Mankind as An Image of the Divine

 

In the Judeo-Christian worldview, a person’s individuality is anchored to the very subject the whole religious system is about: God. The subject of individuality is front and center in the grand opening of its sacred text.

 

Creation, the beginning of the world, opens the Hebrew Bible in the first chapter of Genesis. It’s a much-debated chapter, but let’s set debates aside for a moment and consider the text through the lens of creativity, to see the narrative in the light of a creative process.

 

“In the beginning, God created the heavens and the earth,” it begins. The chapter narrates the creation of the world in six days, which builds up to the creation of mankind in the sixth. The text says,

 

Then God said, ‘Let Us make man in Our image, according to Our likeness; let them have dominion over the fish of the sea, over the birds of the air, and over the cattle, over all the earth and over every creeping thing that creeps on the earth.’ So God created man in His own image; in the image of God He created him; male and female He created them.”

 

Mankind is patterned according to God’s image, which is intriguing, because God prohibits the making of images, explicitly stated in the Ten Commandments. Other biblical stories show that mankind is in danger of carving a rock, assembling wood, or creating buildings, even if they were initially made for God, and worshipping these things instead of God. The biblical prophets write against this over and over again. There was to be no idol worshipped in place of Him, because no one thing can adequately represent the fullness of His character and glory. Nothing is big enough to fully represent who He is. But, in mankind there is an exception.

 

In the collection of essays Moral Grandeur and Spiritual Audacity, rabbi Abraham J. Heschel writes,

 

“And yet there is something in the world that the Bible does regard as a symbol of God. It is not a temple or a tree, it is not a statue or a star. The one symbol of God is man, every man. God Himself created man in His image.”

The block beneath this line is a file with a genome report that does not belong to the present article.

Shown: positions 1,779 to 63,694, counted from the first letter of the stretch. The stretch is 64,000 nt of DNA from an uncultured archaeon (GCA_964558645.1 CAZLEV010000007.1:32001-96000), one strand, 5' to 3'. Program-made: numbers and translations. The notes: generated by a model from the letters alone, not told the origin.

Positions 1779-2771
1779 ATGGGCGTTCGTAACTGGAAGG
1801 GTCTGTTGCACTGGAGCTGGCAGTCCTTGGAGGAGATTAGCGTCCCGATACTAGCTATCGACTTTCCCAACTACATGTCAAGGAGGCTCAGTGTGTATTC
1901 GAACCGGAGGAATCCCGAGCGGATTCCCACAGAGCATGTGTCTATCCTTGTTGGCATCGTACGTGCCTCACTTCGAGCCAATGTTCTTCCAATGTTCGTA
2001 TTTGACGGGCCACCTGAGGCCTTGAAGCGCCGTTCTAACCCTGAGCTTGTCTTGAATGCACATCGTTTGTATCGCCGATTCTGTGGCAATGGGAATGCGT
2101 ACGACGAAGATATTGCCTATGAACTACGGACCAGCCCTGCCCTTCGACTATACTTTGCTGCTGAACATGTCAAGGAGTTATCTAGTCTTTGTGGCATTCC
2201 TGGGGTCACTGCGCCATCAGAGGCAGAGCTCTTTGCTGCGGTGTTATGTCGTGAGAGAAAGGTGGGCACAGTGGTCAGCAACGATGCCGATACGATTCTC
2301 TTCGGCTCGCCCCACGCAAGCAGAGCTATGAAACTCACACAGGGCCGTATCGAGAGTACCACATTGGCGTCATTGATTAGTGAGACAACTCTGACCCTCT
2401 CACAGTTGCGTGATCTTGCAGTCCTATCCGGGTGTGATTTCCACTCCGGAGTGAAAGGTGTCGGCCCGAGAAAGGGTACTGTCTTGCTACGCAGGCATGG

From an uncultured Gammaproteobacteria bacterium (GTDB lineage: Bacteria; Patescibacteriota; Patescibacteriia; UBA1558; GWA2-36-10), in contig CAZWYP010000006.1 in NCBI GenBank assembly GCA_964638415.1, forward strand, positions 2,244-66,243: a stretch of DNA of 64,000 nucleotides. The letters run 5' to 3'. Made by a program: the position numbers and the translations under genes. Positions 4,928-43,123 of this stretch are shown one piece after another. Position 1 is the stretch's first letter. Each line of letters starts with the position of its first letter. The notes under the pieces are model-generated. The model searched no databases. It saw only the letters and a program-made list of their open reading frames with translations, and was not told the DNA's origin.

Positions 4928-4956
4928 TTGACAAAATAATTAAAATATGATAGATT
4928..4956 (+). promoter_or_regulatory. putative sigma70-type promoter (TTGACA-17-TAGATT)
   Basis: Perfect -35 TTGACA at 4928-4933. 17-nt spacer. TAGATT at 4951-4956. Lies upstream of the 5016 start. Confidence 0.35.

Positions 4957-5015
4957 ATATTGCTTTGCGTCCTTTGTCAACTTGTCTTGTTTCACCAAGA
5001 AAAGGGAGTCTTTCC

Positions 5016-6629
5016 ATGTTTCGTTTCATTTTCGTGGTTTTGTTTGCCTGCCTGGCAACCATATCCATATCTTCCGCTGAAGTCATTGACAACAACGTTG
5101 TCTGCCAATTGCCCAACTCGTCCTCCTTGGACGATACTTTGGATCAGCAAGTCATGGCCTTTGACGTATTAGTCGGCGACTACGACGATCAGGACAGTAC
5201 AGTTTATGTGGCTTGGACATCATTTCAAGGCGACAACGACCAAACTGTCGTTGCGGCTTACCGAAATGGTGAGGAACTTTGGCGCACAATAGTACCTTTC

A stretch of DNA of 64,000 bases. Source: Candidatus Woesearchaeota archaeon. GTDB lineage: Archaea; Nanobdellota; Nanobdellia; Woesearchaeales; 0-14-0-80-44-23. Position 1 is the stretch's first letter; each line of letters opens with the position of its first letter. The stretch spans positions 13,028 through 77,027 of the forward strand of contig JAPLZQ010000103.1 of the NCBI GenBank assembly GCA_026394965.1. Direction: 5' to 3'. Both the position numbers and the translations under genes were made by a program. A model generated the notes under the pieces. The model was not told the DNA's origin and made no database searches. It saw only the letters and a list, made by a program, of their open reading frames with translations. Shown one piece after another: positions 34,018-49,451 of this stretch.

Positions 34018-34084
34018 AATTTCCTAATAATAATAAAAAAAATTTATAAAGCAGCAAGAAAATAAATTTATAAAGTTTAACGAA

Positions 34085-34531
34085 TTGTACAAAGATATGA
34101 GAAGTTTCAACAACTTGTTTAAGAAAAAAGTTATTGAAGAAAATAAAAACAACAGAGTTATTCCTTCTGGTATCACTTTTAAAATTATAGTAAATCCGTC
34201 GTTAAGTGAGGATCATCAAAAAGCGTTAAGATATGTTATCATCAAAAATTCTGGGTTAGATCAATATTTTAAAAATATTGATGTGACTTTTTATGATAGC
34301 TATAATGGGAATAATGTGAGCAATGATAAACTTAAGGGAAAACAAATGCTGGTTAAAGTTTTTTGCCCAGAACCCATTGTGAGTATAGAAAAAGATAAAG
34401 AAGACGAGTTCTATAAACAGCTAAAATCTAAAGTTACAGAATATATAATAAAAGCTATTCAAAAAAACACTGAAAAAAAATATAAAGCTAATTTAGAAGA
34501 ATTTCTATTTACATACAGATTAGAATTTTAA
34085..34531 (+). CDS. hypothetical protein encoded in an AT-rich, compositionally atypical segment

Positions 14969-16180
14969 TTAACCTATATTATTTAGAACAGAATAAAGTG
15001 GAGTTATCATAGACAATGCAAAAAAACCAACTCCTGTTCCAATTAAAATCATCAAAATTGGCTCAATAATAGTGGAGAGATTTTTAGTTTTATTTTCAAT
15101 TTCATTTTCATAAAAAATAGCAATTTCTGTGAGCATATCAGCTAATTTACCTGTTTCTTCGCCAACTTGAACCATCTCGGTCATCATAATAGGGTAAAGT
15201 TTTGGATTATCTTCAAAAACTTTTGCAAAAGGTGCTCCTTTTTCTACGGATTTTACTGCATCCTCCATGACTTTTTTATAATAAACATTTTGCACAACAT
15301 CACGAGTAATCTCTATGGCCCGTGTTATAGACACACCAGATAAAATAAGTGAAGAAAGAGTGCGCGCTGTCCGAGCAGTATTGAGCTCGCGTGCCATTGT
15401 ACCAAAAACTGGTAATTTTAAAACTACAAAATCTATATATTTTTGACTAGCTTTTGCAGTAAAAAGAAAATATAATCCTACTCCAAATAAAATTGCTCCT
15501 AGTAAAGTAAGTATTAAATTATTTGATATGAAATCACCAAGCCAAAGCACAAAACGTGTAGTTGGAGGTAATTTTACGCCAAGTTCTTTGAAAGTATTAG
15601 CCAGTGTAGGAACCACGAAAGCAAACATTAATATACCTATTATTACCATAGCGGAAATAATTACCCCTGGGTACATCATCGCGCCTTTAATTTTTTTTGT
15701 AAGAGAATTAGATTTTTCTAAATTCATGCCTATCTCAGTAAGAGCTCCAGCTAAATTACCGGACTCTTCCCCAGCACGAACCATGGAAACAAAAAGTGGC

A person, a human being, is viewed with very high regard, because he is an image of the divine.

 

“Human life is holy, holier even than the Scrolls of the Torah. Its holiness is not man’s achievement; it is a gift of God rather than something attained through merit. Man must therefore be treated with the honor due to a likeness representing the King of Kings.“

 

This image of the divine is not limited to one person, group, or nation. It is present in every single person.

 

“…not one man or one particular nation but all men and all nations are endowed with the likeness of God… the divine likeness is something all men share.”

 

This foundation is also the Judeo-Christian basis of the equality of all men, the anchor of justice and how we ought to treat one another.

 

“This is a conception of far-reaching importance to biblical piety. What it implies can hardly be summarized. Reverence for God is shown in our reverence for man. The fear you must feel of offending or hurting a human being must be as ultimate as your fear of God. An act of violence is an act of desecration. To be arrogant toward man is to be blasphemous toward God.”

 

Power to Think and to Do

 

The concept mankind being an image of the divine is rich with meaning. One aspect of this is the capability to create, which is demonstrated by the Creator Himself. It is the capability to invent, to see beyond what is into what could be, and to work towards that destination one step at a time.